About the research we do

The user and consumer research we do is grounded in science. As trained social anthropologists we know that your customers' social behaviours are largely invisible to untrained eyes. But culture is important because it governs so much of our behaviours and practices without us even realising. As such, it often gets overlooked, meaning businesses miss key opportunities.

Our ethnographic research is done with people in their natural setting such as their home or workplace — because no one acts naturally if they are treated like a lab rat. And it's those natural behaviours  uncovered using observation, interaction, and structured interviews — that enable us to explore and uncover how your customers see and experience the world.

By understanding your customer's world — the meanings people attribute to things, their beliefs and values, and ways of doing things — we can help you design products and services your customers will actually want and need.

Because when you understand why people do what they do (or don't do) — rather than what they say they do — you can design your products and services to support those behaviours. That’s a strong competitive advantage right there, isn't it?

Case study: Coffee cups and sustainability

We did a small research project to understand Bristol students' behaviour around single-use coffee cups. Bristol is the birth-place of Extinction Rebellion and last year a Bristol-based cafe chain refused to sell coffee in disposable cups. However, we discovered through a series of interviews that while students wanted to be 'seen as environmentally conscious', money, accessibility and convenience are key barriers to using multi-use cups. We identified several key issues that would help students transition to reusable cups.

>> Read why understanding consumer behaviour is key to coffee cup reuse

What is social anthropology and ethnography?

Social anthropology is the study of the social behaviour of human groups. It is a social science that seeks to understand people's behaviour within the social context and looks at the cultural beliefs and practices that underpin what people do. Anthropology gets underneath the social surface and makes visible that which is largely invisible. 

The research method that we use is called ethnographic research, which tends to get shortened to ethnography. Ethnographic research is a powerful and proven way to uncover customer insights, drive innovation, and inform business strategy.

>> Read what a typical ethnographic project looks like

Why is ethnographic research so powerful?

"If you ask people what their problems are, they'll tell you what they think they are. But if you watch them you realise there are other problems that they've learned to work around. They've got used to the way they do things, so you need to look underneath their stated needs."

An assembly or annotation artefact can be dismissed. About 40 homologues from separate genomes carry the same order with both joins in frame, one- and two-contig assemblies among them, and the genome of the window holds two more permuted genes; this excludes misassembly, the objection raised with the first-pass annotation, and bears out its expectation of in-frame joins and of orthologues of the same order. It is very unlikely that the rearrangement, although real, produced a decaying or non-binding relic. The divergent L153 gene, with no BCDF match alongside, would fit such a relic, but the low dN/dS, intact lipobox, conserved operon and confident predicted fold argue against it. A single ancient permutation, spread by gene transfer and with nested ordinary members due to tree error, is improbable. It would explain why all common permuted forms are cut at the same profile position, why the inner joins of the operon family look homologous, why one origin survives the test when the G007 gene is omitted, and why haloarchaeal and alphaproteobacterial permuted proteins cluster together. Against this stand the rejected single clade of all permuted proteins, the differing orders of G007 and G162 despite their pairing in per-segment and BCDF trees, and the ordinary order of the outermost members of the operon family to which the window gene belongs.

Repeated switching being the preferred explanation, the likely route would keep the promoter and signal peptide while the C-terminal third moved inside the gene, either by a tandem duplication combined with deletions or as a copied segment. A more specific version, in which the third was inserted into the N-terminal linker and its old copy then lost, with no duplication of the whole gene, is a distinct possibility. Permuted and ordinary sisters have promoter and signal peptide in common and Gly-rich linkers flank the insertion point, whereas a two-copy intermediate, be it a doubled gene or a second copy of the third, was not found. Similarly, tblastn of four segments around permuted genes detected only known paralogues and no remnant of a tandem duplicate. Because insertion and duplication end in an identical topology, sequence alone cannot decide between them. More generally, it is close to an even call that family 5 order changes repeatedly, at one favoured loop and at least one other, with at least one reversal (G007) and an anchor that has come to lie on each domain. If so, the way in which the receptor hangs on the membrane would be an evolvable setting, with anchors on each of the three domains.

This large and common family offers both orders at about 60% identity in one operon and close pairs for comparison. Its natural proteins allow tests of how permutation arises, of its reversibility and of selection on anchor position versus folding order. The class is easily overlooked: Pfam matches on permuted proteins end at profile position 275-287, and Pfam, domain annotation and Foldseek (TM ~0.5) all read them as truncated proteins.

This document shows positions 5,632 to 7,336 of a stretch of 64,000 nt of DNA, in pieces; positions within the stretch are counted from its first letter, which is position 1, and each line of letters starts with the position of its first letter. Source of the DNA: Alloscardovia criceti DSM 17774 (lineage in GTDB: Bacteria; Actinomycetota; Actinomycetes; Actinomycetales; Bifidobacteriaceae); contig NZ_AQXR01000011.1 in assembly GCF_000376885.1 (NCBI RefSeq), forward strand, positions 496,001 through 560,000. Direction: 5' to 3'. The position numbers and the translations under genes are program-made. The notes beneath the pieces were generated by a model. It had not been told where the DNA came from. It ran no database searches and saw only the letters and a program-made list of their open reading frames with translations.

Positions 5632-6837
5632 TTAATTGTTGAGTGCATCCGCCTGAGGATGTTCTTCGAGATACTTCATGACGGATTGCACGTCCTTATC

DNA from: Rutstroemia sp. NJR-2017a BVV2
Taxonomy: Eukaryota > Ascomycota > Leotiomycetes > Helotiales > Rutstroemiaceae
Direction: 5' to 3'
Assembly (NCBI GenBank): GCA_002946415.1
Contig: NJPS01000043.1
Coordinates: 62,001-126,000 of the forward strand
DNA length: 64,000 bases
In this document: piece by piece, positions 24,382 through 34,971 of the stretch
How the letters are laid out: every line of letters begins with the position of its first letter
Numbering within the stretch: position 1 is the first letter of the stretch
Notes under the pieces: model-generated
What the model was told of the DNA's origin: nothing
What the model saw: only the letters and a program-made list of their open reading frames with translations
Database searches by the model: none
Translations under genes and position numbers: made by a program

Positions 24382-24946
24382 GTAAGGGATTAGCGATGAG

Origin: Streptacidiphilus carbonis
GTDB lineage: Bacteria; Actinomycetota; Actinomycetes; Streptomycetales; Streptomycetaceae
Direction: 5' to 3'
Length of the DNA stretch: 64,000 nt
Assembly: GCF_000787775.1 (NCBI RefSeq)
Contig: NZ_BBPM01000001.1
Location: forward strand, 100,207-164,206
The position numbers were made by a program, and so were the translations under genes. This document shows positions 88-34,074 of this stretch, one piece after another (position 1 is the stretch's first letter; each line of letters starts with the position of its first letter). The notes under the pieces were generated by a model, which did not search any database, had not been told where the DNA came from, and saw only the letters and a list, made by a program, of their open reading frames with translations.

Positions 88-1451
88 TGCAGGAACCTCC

Ethnographic research is a way of getting really close to your customers  you’ll see into their lives in a way that you will find fascinating (and possibly addictive!)  up close your customers will become ‘real’ people right before your eyes. It's powerful and effective because it:

  • Provides deep insights into how people behave in a way that few other research methods can – which is why it’s so highly regarded by companies such as Intel, Microsoft, Proctor and Gamble, Google, and Miele.
  • Dispels assumptions about how people use things versus the actual lived experience of those people.
  • Highlights the contradictions between what people say they do and what they actually do.
  • Immerses you in your customers' worlds and lives and reveals pain points, frustrations, and unmet needs – all of which can be used to bring unique product and service innovations to market that puts you ahead of your competition.

Case study: User research minus the hefty bill 

Fintech start-up, LOQBOX, knew they needed to get to know their customers better. However, recognising they lacked the in-house expertise to do user research and, as a small but growing start-up, couldn’t afford to pay an outside agency, we came up with a more affordable option: we would teach them to do the research, take them through our process step-by-step, so that in the future they can do it themselves.

>> Read how we are working with a small fintech start-up

When should ethnographic research be done?

Ideally, ethnographic research should be done before design of the product or service begins. In design thinking, it is conducted in the Empathize stage with design concepts emerging once the analysis and dissemination of the ethnographic findings are complete.

Where ethnographic research fits into the design process

However, this type of research can be done any time you want to understand your customers more deeply and uncover unmet and unexpressed needs.

>> Read what a typical ethnographic project looks like

Case study: Marketing made more powerful

Engaging customers and increasing brand loyalty is achieved through building deeper connections with your target audience. By referencing cultural values and societal expectations, you can make your brand resonate much more deeply with your target audience and increase customer spend. We show you how using a real example of a direct marketing campaign by a British supermarket.

>> Read how to make your marketing campaign more powerful

By deeply understanding your customers or users, their pain points and unmet needs, you will give yourself the confidence — through research-based insights — that your products and services are hitting the spot in terms of what your customers actually want.


If your business wants research-based insights that will help you create innovative products and services, contact Mundy & Anson today >